CHARLESTON, W.Va. – Almost 17,000 elementary students in West Virginia, Virginia and Tennessee were treated to a visit on Nov. 17 by an Appalachian Power employee who came to the school to read a book and donate that book to the school library.
The event was part of Read to Me Day, an annual event in which Appalachian Power employees volunteer to read to students at schools throughout the company’s West Virginia, Virginia and Tennessee service territory. This year, 314 readers read to students at 418 schools. First started in 2001 and now in its 16th year, the company estimates it has read to more than 250,000 students and donated approximately 6,000 books.
“Being read aloud to can be such a magical experience for kids. It’s so rewarding for our readers to witness that,” said Charles Patton, Appalachian Power president and a volunteer reader at a Charleston elementary school. “Our reason for devoting so much effort to Read to Me Day is to reach as many children as possible with the magic of a good story. Children who enjoy books will read more. Ultimately, they’ll be better readers and do better in school.”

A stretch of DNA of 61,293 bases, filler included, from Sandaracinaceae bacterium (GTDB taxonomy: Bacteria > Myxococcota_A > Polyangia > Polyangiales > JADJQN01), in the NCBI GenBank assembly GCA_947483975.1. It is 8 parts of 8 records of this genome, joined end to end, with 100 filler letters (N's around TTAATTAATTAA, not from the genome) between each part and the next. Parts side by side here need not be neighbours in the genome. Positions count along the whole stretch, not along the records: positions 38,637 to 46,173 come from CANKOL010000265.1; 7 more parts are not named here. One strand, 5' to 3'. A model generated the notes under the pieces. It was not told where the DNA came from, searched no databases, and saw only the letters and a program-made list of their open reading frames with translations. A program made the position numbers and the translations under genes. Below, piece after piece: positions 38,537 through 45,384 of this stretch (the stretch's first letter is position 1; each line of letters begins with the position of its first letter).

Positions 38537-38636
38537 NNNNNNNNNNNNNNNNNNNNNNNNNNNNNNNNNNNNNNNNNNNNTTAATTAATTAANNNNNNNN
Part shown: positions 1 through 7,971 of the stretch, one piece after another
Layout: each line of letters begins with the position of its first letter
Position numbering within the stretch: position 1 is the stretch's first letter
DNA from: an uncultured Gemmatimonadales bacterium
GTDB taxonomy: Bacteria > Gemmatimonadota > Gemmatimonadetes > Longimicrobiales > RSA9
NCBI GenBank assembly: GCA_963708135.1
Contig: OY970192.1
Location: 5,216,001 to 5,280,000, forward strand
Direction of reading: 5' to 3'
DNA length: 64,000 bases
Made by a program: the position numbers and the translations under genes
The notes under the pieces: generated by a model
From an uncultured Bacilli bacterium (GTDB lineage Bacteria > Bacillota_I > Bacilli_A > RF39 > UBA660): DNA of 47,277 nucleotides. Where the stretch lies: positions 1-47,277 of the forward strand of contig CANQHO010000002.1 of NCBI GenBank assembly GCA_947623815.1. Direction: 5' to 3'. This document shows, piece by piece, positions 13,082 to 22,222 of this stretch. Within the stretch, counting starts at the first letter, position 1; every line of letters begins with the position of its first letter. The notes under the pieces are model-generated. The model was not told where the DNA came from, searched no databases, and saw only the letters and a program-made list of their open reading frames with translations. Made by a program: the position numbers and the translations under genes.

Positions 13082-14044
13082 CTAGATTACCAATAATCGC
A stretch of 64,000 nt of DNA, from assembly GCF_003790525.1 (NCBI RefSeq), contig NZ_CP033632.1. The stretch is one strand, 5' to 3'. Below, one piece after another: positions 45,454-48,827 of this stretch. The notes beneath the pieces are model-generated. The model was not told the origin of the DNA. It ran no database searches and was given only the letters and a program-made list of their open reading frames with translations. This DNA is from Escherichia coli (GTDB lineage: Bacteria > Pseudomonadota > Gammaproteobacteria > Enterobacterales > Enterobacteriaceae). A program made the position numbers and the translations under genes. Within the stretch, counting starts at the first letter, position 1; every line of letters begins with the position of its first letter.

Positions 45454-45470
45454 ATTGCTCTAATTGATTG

Readers read and donated the book, “The Gingerbread Man: Loose in the School,” by Laura Murray, a Virginia author.
“It’s always exciting to have a visitor in school,” said Jeri Matheney, Appalachian Power communications director. “When that visitor brings a book to read, it’s even more special. And it’s certainly a big change from an ordinary day for our line mechanics, meter readers and call center representatives who volunteer to read. It makes for a memorable day for both the kids and the employees.”